How are these fares determined? They’re determined by the market forces. Higher demand means higher fares. This dynamic pricing is done to keep the sector competitive. India also has many festivals, so people travel during those holidays and long weekends. Also, air traffic in India peaks in May and June and then again between October and January. Airlines also account for variables like the price of aviation turbine fuel (ATF).

Is there any regulation? That’s a no. After the Air Corporations Act was repealed in 1994, fares were no longer regulated by the government. The Directorate General of Civil Aviation (DGCA) is only an aviation safety body and doesn’t deal with airfares. Most countries have deregulated their aviation sectors.

Recently, the Parliamentary Standing Committee on Transport, Tourism and Culture tabled a report outlining measures on the government taking action on high airfares. The solution is capping airfares for specific routes. Is this a good idea? Should the government get involved?

VIEW: Necessary to keep consumers in mind

The Parliamentary panel report stated various instances where airlines hiked prices exorbitantly during festivals and holidays. After Go First’s issues, the summer travel season saw several people on social media complaining of high ticket prices. The problem is that a significant chunk of the air routes are under a duopoly – IndiGo and Air India. That’s not good for consumers since there’s limited choice, and these airlines can charge higher fares.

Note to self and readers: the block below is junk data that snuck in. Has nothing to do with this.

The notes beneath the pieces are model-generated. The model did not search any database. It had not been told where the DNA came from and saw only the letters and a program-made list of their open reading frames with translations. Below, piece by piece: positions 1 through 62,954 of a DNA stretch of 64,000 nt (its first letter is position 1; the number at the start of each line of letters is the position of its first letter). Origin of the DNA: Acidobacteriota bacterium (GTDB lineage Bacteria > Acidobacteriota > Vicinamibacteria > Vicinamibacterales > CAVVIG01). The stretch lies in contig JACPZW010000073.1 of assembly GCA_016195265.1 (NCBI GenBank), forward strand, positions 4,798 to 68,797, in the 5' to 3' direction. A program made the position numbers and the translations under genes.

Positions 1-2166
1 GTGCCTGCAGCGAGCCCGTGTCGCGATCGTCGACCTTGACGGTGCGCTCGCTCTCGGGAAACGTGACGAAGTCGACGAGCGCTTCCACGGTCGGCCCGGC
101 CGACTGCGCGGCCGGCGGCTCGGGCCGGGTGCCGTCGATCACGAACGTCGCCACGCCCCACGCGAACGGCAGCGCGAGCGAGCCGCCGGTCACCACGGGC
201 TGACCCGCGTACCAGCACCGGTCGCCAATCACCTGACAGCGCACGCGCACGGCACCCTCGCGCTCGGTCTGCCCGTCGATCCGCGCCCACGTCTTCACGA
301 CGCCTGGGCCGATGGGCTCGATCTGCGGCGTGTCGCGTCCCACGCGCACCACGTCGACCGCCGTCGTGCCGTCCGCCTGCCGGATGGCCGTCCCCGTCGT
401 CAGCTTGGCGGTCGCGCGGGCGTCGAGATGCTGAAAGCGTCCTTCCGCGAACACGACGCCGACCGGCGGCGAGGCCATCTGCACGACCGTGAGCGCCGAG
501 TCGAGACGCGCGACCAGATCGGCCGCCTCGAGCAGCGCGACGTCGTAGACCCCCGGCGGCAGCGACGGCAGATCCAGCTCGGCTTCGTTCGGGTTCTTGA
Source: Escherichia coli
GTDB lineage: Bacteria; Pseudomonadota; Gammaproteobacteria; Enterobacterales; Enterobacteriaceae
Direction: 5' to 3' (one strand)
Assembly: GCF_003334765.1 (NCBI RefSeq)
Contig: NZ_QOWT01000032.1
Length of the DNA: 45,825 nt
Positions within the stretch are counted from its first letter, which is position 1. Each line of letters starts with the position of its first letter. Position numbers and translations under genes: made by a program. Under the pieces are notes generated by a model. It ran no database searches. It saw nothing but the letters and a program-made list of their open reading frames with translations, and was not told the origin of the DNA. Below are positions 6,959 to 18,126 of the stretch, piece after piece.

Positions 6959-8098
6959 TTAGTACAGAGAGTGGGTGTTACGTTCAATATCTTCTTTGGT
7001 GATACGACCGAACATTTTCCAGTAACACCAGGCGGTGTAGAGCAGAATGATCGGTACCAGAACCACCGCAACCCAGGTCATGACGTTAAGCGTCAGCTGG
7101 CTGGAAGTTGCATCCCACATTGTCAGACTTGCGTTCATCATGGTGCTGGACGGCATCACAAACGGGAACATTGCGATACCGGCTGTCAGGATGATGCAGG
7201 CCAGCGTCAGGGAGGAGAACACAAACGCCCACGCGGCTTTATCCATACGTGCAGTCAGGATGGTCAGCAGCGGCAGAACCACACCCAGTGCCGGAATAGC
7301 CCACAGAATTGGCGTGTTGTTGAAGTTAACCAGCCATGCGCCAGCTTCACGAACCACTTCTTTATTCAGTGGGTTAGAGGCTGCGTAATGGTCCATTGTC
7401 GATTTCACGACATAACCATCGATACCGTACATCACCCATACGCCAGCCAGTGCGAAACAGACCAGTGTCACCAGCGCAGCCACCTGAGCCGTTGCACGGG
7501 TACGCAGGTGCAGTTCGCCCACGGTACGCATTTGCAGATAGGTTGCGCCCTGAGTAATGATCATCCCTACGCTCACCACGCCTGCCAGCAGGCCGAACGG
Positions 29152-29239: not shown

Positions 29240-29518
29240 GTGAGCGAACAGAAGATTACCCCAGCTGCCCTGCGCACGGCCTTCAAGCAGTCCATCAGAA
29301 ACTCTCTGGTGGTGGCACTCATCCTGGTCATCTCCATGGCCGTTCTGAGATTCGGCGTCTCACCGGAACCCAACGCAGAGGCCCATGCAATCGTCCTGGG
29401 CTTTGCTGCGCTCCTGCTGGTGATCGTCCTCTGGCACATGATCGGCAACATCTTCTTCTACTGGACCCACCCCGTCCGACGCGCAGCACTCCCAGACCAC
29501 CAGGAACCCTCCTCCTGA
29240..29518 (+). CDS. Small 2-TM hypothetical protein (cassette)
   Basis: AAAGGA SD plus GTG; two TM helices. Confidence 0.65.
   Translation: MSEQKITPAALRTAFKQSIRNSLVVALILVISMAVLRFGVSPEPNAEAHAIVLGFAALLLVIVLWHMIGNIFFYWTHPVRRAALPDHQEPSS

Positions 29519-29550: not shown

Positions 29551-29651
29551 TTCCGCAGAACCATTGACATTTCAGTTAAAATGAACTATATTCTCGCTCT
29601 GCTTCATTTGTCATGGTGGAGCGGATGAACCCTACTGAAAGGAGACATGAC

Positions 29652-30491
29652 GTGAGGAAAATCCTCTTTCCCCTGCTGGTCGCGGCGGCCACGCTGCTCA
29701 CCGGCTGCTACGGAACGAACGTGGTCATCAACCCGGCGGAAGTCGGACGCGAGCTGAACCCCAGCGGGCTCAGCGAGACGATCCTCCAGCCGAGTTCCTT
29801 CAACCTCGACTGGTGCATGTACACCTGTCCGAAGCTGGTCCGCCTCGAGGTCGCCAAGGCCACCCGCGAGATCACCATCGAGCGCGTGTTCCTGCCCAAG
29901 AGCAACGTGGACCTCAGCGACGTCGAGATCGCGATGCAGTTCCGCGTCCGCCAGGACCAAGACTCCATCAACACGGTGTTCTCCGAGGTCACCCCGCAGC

Under the 1937 Aircraft Rules, airlines are allowed to fix tariffs while keeping in mind reasonable profits and general market conditions. Despite the DGCA’s oversight, which can’t fix or regulate but only monitors airfares, airlines have continued to charge excess. There must be some government intervention to keep consumer’s interests in mind.

The Parliamentary panel report noted the importance of the aviation sector’s recovery in the wake of the pandemic and said there needs to be a balance between passenger and airline interests. It proposed giving the DGCA some powers to regulate airfares and a separate entity with quasi-judicial powers to exercise control over airfares. Another way to keep airfares in check is for the government to propose a price cap on certain routes. Keeping in mind the airlines, the panel proposed adjusting this ceiling during festivals and holidays.